“I just don’t understand her.” A client told me that had been her mantra regarding a key person in her life. “I don’t understand why I keep doing this,” said another client. “I don’t understand why this is happening,” bemoaned a third. Understanding was certainly the theme of that day.
The 12 Powers are innate qualities in everyone. Understanding is one of those powers. With the first client, I suggested she claim the power. I told her to say, “I understand this woman.” She struggled to do it because what was actually true is that she didn’t approve of the woman’s behavior and by saying she didn’t understand she was making a stand against the behavior. When she tuned into her own wisdom, she did understand quite a bit of the woman’s story and actions. By claiming her power of understanding, she also opened her mind and heart to more extensive and compassionate understanding.
I think it’s safe to say that we all have been mystified at some point by our own behavior. The key to understanding is to treat ourselves respectfully, like a mystery rather than a miscreant. It’s a difference in tone of voice between “What the hell…?” and “Hmmm, I wonder why….” When we apply curiosity, we may be invited into the deeper chambers of our memory where the painful memories are stored. Even though we may not be privy to those chambers when it comes to the other people we struggle to understand, we can know that those powerful chambers exist.
Here are a few examples to illustrate puzzling behavior. A young man that was adopted had a string of experiences with people rejecting him for what seemed like very superficial reasons. In his inquiry process, he realized that his time in utero had been marked by unrelenting anger and hatred directed at him for “ruining his mother’s life”. Of course, that was only her perspective, but a baby can’t make that distinction. This secondhand belief had contaminated his self-esteem all his life and affected the way others responded to him.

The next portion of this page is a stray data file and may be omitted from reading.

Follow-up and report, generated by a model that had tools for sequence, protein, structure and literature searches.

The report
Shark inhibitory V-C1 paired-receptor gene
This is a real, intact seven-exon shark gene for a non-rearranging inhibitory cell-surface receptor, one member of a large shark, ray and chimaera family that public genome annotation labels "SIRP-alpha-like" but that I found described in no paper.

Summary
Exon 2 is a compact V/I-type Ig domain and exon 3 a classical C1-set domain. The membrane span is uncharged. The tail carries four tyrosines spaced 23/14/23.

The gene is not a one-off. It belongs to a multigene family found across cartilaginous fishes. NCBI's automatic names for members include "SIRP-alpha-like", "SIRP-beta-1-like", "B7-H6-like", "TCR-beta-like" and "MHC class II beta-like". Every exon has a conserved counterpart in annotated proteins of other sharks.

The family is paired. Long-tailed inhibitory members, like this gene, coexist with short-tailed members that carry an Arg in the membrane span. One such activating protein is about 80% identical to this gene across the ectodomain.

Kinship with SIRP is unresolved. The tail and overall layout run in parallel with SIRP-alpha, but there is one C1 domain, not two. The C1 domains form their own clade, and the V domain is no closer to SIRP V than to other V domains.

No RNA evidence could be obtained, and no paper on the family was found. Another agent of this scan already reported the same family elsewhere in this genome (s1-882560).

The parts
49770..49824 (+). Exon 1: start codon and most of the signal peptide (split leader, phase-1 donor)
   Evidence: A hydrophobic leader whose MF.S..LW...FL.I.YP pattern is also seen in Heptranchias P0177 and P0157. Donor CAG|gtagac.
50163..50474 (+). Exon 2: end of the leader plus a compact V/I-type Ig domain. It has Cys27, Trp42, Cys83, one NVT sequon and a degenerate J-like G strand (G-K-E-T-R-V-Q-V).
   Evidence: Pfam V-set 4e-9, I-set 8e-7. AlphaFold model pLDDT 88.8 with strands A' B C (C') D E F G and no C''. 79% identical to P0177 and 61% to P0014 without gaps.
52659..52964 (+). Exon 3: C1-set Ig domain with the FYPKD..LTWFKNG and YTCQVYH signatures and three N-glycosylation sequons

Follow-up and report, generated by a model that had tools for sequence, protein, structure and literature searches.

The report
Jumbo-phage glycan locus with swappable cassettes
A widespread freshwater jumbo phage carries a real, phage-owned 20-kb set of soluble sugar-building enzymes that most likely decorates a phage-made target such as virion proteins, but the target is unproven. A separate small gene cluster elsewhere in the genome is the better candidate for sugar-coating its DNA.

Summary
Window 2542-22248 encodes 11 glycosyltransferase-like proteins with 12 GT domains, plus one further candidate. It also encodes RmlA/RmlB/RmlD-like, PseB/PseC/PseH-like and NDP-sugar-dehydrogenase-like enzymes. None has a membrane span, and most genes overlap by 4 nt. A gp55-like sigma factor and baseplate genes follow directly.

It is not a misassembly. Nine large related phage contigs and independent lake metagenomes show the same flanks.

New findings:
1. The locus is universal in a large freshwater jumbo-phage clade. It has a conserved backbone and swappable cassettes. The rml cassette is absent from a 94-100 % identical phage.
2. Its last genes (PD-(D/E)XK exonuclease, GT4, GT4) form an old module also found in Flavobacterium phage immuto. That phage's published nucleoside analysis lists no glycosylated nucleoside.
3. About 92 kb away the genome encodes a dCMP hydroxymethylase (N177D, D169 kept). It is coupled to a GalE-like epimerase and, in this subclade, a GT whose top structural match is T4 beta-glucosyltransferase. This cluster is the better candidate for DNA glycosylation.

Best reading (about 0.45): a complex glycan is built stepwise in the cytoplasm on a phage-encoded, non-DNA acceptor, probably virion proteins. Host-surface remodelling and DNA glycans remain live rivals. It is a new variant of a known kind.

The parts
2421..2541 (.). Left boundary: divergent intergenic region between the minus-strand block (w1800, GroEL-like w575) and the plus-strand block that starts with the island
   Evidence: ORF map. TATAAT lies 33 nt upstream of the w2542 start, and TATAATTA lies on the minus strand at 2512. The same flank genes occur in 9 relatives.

A woman, molested and beaten as a child, who’d been terrorized with religion, was convinced she was stupid and ugly and bad. Unconsciously, she acted in ways that ensured others would reject her. She turned to her Bible with a panicked fervor, hoping that if she studied it more, she might finally be good enough. But she knew, deep down, that she never would be.
A woman in her sixties struggled to understand her lifelong struggle with her weight. In deep listening, she made the connection that as an infant she was frequently given bottles of juice to keep her quiet while her harried mother dealt with her lively sister who was only 13 months older. She quickly became a chubby baby and as she got older she had to deal with the rejections that come the way of kids who are overweight. Now in her sixties she had a relentless sweet tooth and wine was what she used to feel good.
In all these examples, and many more, the healing is available when we exercise our power of understanding. Once we connect with the part of us that believes something is wrong with us—and it’s usually a younger part—we can apply love and retrain that part to know it is safe, lovable, smart, beautiful and good. Love is the greatest power of all and creates miraculous changes. But it begins with the desire to understand!